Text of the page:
The storm grew into a Category 1 hurricane early Friday as the Bahamian government urged citizens to prepare for the worst.
Officials across the Caribbean and the southern U.S. have urged citizens to brace for Hurricane Isaias after the storm gained strength and barreled over Puerto Rico and the Dominican Republic.
Early Friday the National Hurricane Center said Isaias had become a hurricane of category 1, with long-lasting winds of approx. 80 miles per hour. In the case of the wide areas of the country, the Bahamian government warned and Hubert Minnis, Prime Minister of the country, called on the people to “prepare for worse.”
“We know from past and recent experience that storms could change course very quickly,” Minnis said, according to the Miami Herald. “They can intensify rapidly, as we saw with Hurricane Dorian. So I ask all Bahamians and residents to take this storm seriously and to make preparations.”
NHC is monitoring two other disturbances this morning, both over the tropical Atlantic Ocean. The system near Africa has a chance to become a tropical depression later today, while the system near 45W could slowly develop over the SW Atlantic next week. https://t.co/tW4KeFW0gB pic.twitter.com/DDFhc9kiDr— National Hurricane Center (@NHC_Atlantic) July 31, 2020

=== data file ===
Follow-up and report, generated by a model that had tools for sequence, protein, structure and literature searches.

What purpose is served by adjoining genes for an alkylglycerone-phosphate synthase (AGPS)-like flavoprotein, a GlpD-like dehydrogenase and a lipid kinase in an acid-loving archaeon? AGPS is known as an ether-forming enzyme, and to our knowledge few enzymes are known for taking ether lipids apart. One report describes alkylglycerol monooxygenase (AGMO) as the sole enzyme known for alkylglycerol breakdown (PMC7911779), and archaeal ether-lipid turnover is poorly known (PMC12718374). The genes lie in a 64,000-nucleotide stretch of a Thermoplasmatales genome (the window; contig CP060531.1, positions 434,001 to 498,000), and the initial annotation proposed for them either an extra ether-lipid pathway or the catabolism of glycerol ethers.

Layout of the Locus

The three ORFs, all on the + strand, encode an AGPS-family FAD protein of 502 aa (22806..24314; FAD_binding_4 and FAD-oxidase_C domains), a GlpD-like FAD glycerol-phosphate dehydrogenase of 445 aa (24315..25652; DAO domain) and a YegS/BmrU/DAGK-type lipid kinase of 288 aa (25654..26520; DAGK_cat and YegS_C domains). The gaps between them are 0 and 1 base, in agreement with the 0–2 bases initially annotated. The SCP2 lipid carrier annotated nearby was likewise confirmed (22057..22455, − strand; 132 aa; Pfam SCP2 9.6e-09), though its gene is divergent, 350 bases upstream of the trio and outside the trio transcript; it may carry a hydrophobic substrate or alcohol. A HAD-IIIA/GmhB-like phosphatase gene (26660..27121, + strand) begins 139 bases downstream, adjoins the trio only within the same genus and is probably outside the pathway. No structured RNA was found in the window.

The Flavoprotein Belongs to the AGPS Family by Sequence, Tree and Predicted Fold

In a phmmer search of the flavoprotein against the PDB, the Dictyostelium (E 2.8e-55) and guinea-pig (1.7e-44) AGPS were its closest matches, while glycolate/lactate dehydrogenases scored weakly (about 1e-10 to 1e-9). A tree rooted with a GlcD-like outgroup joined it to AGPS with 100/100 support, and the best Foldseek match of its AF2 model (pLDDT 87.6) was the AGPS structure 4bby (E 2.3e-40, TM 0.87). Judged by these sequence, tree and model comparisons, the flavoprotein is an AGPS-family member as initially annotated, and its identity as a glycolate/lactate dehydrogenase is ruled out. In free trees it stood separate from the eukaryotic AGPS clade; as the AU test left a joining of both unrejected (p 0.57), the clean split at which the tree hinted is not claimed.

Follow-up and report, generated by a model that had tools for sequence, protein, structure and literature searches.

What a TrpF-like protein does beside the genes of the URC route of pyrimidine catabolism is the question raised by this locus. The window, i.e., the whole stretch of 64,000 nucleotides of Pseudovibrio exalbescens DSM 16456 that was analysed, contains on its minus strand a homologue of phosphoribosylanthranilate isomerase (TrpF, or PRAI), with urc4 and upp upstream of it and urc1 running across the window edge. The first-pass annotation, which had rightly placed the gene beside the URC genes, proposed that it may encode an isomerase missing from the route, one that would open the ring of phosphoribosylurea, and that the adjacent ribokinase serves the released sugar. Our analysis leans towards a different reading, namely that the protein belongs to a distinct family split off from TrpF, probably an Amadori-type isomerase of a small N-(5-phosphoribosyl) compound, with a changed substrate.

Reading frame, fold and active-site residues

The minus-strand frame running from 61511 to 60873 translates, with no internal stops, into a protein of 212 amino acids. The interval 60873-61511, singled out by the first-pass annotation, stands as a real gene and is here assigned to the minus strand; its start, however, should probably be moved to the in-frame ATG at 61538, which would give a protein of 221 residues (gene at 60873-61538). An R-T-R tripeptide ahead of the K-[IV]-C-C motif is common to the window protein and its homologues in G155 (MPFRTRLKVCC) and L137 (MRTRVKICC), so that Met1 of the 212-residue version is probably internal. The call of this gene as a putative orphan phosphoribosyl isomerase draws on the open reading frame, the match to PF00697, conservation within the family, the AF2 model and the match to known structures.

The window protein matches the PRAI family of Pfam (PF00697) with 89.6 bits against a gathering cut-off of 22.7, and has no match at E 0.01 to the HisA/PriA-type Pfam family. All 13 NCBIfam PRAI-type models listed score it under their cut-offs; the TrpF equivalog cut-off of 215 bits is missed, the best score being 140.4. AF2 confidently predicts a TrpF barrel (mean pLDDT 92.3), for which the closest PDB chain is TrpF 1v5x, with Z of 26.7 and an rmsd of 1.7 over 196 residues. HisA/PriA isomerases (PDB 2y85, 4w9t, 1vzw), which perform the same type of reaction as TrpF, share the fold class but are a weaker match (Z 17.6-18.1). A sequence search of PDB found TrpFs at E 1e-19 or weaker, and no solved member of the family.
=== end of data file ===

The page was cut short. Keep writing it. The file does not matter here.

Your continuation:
Officials said Isaias could threaten parts of Florida this weekend and early next week, although they said the storm could still change paths.
“There is a risk of impacts from winds, heavy rainfall, and storm surge late this weekend from the northeastern Florida coast and spreading northward along the remainder of the U.S. east coast through early next week,” the National Hurricane Center said in a news release. “The details of the track and intensity forecast remain uncertain, and it is too soon to determine the magnitude and location of these potential impacts.”
Health officials in Florida were already preparing to deal with the fallout from a potentially destructive storm combined with the ongoing threat of the coronavirus pandemic. The director of the state’s Division of Emergency Management said he had directed masks, hand sanitizer, and other protective equipment to some counties should there be a need to open emergency shelters, the South Florida Sun-Sentinel reported.
“In the event it is necessary, counties will open shelters and we are helping prepare them to do so,” the director, Jared Moskowitz, told the newspaper.
According to the Associated press, Isaias has already caused damage in some areas in Puerto Rico and Dominican Republic and knocked out power.
At least 35 people had to be rescued by the National Guard in Puerto Rico due to flash flooding.